Joey Bonacci is only 5 years old, but he’s training for his second triathlon.
He asks his baby sitter to time him as he sprints across his Hayden lawn. He took swimming lessons this winter so he’d be more comfortable in the water. And he packs milk in his lunch because it’s better “fuel” than soda.
“Once the sun came out, he was training,” said his mother, Nicky Flagor. “He would do that race every weekend if he could.”
“That race” is the Kootenai Health Triathlon for Kids in Coeur d’Alene. Joey did it for the first time last year, at age 4, and finished second in his heat. This year, he’s shooting for the top spot on the podium.
Up to 200 kids will descend on Kootenai Health’s McGrane Center for Rehabilitation on Sept. 3 to compete in the third annual event. The race course loops around the center, which is cordoned off to make it as safe as possible.
Open to children ages 4 to 11, the race was created by 18-time Ironman finisher Shawn Burke, who also is a physical therapist assistant at the McGrane Center.
“The whole race is designed so the kids will actually succeed,” Burke said. “We want these kids to be able to set a goal and achieve their goal.”
The youngest children swim one lap in the McGrane Center pool (96 feet), followed by one lap around the center on their bike (about 1,320 feet), and one lap of running (about 1,000 feet). The number of laps increases for older children, up to two laps of swimming, five laps of biking and two laps of running.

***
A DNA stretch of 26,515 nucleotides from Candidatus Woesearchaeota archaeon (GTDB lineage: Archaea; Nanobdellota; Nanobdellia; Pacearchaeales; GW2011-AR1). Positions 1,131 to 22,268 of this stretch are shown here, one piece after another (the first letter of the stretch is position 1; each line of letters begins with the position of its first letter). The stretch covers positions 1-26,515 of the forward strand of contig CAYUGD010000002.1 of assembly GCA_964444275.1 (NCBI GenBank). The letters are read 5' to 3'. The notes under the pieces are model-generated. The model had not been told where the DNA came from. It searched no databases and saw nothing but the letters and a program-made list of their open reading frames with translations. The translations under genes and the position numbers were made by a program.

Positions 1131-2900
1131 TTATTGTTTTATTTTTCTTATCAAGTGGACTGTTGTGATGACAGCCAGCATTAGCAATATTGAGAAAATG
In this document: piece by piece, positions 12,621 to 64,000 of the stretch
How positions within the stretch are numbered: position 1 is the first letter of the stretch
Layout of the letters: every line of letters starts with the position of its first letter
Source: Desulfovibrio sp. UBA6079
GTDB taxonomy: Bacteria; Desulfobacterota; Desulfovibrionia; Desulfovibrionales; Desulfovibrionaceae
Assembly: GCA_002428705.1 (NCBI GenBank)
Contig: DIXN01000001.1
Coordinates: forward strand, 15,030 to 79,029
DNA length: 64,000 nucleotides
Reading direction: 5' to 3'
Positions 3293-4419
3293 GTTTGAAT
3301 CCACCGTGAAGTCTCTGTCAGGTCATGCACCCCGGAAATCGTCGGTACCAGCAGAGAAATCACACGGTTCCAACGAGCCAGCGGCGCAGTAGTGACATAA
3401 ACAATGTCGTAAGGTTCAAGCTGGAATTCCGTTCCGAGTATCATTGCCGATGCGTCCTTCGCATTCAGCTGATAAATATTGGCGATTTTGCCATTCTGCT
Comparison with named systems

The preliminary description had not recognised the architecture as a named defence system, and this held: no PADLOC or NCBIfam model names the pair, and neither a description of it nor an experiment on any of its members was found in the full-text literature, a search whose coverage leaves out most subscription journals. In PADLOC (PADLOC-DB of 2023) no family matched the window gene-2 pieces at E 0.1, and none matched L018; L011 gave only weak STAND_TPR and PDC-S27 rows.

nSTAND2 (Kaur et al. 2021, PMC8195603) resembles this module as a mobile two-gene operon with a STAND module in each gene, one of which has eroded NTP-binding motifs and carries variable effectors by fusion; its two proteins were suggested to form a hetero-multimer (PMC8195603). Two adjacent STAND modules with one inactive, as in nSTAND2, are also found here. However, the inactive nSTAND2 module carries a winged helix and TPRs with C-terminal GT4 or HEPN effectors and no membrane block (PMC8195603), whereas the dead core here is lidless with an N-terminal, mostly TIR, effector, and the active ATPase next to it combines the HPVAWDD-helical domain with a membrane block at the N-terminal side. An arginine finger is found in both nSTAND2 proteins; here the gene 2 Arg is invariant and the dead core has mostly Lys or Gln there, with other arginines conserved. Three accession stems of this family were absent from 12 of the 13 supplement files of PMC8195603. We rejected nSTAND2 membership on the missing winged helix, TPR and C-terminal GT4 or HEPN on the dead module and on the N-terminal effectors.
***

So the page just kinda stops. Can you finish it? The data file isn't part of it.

The race starts at 10 a.m. and costs $17, which includes an event T-shirt.
Children are welcome to use life jackets or kickboards, and lifeguards will be on duty. In addition, parents are able to follow their children around the course to support them. The race also welcomes children who have lost limbs or who use wheelchairs.
All race profits are donated to Kootenai Medical Center’s Children’s Miracle Network and are matched by the hospital, Burke said. The first year, the event broke even. Last year, $500 was raised, and this year Burke anticipates $2,000 in proceeds.
Children race in heats of eight, and the top three in each receive ribbons on the podium. All children who finish receive a medal.
“We have kids who will wear their medal for two weeks straight,” Burke said. “I just encourage the parents to give their kids a shot. It’s something that will be with these kids for the rest of their lives.”
The event also tries to encourage healthy eating habits, with input from registered dietitians. Snacks at the finish line include water, apple slices and yogurt.
“We’re promoting health, nutrition and fitness to these kids,” Burke said, adding that many of the 60 volunteers are triathletes from throughout the Inland Northwest. “It’s a way to give back and make a difference in a kid’s life.”
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